Now, the two of them are truly an odd couple. Felix and Oscar in Neil Simon’s play of that name have nothing on them in being dissimilar. One is a morally upright and respected member of the community; the other a moral reprobate who lives and associates with other degenerates in the corrupt underbelly of Jerusalem society. Furthermore, the reason why each of the two dissimilar men go to the temple that day is also quite different. Jesus says that they both go there to pray, but to whom does each pray? We might think that the Pharisee prays to God, for it is God whom he addresses at the start of his prayer. What he says after that, however, tells us that his words are directed primarily to those others who are also in the temple that day. What he says is no prayer, but rather a song of praise, and the praise is all for himself.
Jesus relates that, “the Pharisee, standing by himself,” that is, in the most prominent place, where everyone can see and hear him, “prayed thus: ‘God, I thank you that I am not like other men, extortioners, unjust, adulterers, or even like this tax collector. I fast twice a week; I give tithes of all that I get.’” Wow! Get a load of that guy! And perhaps the most extraordinary thing about this is that our Lord is not exaggerating things here, nor is he highlighting atypical behaviour. On a whole, this is the way the Pharisees were. For example, we’re told that when they gave their tithes—their offerings to the church—they would have someone play a trumpet fanfare so that no one would miss seeing their generous giving. And when they would fast, supposedly for religious purposes, they would put on makeup to lead people to think that they were on the verge of starving to death.
Now, if you’ve ever turned on the TV to find certain televangelists in the midst of their broadcast, and you’ve seen their crocodile tears and heard their self-promoting spiels, you might have wondered if anyone could possibly take such con men seriously, that is, until the camera pans out and shows the thousands sitting there locked in rapt attention, falling for all of it. Well, it was largely that way with the Pharisees. They did their boasting because it worked. People fell for it, believing that the Pharisees were just as righteous and without sin as they claimed to be. In this, they proved the point made by the prophet Samuel when he said, “the LORD sees not as man sees: man looks on the outward appearance, but the LORD looks on the heart.” Jesus called the Pharisees “white-washed sepulchres,” because they looked all good and clean on the outside, but on the inside were filled with nothing but rot and decay. They had the look of righteousness, but were filled with the corruption of sin. They may have fooled other people; they may have even convinced themselves of the lie, but as Saint Paul warns, “Do not be deceived: God is not mocked, for whatever one sows, that will he also reap.” God knows exactly what is going on with each one of you; you can’t hide it from Him.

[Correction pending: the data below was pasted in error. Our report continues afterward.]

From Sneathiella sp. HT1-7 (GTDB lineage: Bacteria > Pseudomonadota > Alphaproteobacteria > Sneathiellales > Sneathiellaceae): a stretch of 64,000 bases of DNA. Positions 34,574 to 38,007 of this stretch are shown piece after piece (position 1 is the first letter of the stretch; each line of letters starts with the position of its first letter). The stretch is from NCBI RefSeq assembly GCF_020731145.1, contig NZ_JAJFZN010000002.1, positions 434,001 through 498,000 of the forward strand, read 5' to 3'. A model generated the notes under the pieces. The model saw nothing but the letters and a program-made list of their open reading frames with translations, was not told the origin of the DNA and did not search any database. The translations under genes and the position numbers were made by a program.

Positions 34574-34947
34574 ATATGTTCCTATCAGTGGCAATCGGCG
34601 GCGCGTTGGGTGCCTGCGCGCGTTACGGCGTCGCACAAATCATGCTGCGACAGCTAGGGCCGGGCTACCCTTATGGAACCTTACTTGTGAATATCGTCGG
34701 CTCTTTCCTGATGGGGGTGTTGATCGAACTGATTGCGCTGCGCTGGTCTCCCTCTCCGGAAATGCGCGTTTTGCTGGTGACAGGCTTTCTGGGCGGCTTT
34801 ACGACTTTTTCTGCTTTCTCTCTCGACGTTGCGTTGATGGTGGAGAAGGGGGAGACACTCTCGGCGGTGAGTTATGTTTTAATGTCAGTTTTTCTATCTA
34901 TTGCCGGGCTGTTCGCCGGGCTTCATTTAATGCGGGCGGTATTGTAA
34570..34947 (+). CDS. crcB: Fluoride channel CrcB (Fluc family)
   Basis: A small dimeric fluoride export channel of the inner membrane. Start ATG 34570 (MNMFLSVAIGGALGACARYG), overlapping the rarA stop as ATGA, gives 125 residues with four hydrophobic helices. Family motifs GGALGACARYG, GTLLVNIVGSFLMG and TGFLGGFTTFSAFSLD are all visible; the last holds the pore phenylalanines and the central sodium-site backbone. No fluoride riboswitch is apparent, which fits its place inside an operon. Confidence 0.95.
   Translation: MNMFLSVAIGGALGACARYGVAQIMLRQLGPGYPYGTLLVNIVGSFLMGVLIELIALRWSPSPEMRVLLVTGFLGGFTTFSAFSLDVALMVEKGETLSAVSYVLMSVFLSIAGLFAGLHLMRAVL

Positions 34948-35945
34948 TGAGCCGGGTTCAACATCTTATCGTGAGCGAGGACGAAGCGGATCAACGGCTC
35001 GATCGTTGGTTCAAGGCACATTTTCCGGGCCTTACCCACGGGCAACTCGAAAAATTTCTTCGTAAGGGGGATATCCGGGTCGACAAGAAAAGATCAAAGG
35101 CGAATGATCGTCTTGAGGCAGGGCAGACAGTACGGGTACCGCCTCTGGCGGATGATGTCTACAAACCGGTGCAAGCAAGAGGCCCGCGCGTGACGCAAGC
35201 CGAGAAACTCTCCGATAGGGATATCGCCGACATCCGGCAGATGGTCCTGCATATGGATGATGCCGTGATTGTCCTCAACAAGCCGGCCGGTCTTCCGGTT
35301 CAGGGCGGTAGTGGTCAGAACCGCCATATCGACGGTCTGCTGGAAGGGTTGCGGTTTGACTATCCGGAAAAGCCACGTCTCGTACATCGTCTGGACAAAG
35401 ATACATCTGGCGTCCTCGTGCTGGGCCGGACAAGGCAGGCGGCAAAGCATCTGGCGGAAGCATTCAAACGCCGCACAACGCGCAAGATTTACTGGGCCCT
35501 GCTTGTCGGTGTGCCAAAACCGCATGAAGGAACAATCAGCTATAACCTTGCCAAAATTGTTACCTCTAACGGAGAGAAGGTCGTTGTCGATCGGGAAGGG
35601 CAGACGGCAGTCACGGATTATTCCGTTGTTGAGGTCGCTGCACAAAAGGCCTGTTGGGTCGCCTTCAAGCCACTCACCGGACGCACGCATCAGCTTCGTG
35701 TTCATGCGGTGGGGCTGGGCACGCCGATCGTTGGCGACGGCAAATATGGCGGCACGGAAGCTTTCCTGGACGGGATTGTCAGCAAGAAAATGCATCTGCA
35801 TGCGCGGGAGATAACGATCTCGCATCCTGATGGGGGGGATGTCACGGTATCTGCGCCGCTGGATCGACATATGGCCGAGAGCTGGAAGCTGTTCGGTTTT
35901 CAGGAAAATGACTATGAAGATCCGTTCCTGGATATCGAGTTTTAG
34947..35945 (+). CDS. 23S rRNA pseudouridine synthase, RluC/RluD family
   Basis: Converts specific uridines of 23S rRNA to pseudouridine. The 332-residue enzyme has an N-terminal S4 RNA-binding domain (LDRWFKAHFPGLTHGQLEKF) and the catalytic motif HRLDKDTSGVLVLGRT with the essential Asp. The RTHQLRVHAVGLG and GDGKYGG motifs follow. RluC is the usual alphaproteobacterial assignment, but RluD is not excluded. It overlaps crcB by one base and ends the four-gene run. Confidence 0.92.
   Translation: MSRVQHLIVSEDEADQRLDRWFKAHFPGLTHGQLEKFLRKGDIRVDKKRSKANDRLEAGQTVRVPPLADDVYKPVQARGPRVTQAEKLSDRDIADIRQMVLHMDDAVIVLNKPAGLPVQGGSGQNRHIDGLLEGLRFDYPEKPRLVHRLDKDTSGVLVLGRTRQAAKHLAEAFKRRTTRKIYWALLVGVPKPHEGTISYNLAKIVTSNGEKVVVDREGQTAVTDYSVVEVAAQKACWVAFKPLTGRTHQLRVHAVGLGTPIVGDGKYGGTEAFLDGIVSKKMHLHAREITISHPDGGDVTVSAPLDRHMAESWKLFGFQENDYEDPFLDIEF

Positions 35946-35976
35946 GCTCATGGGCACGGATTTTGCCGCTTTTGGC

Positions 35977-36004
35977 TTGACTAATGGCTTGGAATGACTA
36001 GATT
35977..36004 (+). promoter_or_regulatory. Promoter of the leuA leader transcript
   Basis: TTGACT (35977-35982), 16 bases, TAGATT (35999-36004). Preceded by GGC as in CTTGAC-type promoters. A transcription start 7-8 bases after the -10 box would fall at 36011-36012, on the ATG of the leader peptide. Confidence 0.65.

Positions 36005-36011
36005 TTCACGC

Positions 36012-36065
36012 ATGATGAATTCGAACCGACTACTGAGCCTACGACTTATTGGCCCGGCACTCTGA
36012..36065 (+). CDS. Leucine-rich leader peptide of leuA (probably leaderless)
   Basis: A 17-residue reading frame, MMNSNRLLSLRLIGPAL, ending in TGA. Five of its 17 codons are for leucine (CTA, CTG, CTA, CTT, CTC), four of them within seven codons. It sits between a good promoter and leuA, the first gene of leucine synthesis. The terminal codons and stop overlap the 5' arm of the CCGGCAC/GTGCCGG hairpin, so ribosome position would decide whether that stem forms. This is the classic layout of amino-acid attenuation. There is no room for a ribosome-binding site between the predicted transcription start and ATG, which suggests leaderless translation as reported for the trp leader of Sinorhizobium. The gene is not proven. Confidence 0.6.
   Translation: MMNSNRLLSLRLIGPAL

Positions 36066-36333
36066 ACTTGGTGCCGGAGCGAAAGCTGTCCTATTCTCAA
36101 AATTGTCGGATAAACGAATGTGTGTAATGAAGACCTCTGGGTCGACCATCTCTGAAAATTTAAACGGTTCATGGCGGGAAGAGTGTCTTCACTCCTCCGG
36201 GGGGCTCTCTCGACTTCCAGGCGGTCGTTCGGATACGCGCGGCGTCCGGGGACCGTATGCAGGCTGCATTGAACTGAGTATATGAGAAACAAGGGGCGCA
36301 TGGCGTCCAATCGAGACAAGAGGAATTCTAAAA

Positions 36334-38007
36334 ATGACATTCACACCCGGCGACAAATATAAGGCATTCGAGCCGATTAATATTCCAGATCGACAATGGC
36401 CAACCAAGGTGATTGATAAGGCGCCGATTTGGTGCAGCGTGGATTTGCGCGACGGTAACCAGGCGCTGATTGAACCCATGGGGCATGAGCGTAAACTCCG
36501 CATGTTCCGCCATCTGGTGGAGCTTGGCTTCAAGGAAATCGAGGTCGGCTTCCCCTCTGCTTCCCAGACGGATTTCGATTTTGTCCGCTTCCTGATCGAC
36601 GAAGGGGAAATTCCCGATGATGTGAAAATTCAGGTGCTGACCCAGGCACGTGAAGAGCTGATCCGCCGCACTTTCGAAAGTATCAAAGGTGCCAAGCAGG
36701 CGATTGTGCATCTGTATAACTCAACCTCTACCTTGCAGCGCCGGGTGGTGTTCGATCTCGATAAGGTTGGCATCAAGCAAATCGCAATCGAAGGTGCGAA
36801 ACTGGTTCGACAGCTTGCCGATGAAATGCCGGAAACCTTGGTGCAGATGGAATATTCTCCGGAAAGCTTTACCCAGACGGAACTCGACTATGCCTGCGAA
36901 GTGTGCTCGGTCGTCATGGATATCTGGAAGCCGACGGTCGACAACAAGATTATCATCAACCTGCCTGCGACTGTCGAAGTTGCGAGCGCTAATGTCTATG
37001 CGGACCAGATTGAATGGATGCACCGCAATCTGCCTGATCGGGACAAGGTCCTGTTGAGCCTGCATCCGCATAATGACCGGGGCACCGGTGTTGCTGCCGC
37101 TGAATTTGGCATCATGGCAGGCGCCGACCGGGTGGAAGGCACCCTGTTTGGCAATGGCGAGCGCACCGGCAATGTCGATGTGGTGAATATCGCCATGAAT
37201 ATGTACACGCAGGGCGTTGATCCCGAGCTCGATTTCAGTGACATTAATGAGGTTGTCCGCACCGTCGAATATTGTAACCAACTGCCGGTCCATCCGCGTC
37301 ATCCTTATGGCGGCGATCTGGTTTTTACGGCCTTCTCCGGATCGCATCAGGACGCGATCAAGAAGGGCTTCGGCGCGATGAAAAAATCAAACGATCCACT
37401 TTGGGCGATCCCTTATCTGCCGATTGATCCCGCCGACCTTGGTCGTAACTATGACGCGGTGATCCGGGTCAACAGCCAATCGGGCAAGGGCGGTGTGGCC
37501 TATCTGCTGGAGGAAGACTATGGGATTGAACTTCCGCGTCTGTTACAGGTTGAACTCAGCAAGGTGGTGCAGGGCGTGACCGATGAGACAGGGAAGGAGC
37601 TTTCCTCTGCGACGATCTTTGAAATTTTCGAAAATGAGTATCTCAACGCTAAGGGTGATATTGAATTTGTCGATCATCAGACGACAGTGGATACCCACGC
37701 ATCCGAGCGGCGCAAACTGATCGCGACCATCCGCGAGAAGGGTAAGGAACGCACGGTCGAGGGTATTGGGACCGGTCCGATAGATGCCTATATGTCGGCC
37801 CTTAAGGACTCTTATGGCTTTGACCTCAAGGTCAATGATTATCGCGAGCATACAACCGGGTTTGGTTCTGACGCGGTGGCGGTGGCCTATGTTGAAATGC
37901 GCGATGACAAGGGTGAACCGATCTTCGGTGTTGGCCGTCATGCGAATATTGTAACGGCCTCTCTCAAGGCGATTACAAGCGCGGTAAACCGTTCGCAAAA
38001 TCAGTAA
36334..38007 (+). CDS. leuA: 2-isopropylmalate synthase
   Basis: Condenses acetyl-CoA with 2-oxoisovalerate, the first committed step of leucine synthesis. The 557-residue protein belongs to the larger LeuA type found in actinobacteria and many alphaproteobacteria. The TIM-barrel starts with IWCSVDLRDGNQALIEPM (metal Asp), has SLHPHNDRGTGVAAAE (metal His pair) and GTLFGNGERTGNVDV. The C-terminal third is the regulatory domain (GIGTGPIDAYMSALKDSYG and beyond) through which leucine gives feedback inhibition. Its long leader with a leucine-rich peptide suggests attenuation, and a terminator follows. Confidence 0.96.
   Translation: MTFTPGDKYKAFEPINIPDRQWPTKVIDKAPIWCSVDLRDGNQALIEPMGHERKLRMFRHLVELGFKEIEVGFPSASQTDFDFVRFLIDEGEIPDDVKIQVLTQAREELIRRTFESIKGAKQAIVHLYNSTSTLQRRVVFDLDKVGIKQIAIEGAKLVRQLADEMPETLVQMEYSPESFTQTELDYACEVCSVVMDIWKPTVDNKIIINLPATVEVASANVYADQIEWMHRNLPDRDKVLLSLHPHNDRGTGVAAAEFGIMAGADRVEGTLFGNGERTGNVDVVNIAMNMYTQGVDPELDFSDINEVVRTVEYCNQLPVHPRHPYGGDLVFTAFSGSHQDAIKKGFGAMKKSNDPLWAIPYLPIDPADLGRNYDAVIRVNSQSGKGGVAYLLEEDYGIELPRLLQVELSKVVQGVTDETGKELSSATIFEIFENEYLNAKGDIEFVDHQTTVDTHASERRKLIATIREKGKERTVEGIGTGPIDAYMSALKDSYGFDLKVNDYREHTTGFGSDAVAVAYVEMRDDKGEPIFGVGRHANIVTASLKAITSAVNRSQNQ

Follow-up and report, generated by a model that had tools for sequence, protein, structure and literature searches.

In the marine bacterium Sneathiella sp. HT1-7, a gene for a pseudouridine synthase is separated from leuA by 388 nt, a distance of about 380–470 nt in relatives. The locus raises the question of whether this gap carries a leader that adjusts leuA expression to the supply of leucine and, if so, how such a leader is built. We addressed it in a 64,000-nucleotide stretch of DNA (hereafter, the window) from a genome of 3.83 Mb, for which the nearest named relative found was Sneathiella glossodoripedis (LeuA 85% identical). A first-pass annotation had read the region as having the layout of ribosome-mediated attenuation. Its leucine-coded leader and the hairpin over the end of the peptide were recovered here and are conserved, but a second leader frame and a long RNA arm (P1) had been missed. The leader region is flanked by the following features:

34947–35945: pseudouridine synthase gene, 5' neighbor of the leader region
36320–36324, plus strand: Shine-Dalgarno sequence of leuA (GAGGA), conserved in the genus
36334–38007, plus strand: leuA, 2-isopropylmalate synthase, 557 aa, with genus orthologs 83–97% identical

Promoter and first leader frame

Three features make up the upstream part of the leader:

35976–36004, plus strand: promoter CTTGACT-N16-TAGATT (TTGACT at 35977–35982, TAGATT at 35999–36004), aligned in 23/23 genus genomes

The tax collector makes no effort to try hiding the truth, but freely acknowledges and confesses his great sin to God. While the Pharisee’s grand show and display of self-righteousness is playing out center stage in the temple, the tax collector is off by himself, perhaps in some shadow-laden corner, with his head lowered in an attitude of abject humility and shame. He beats his breast and prays most earnestly, but yet so that only God can hear, saying, “God, be merciful to me, a sinner!” Actually, dear friends, a more literal translation of what he prayed is “God be merciful to me, THE sinner!” There’s no shifting of blame in his confession—no trying to lessen his guilt by suggesting that there are others in the world who are worse sinners than he is. As far as he is concerned, there is no greater sinner than he. He is the sinner.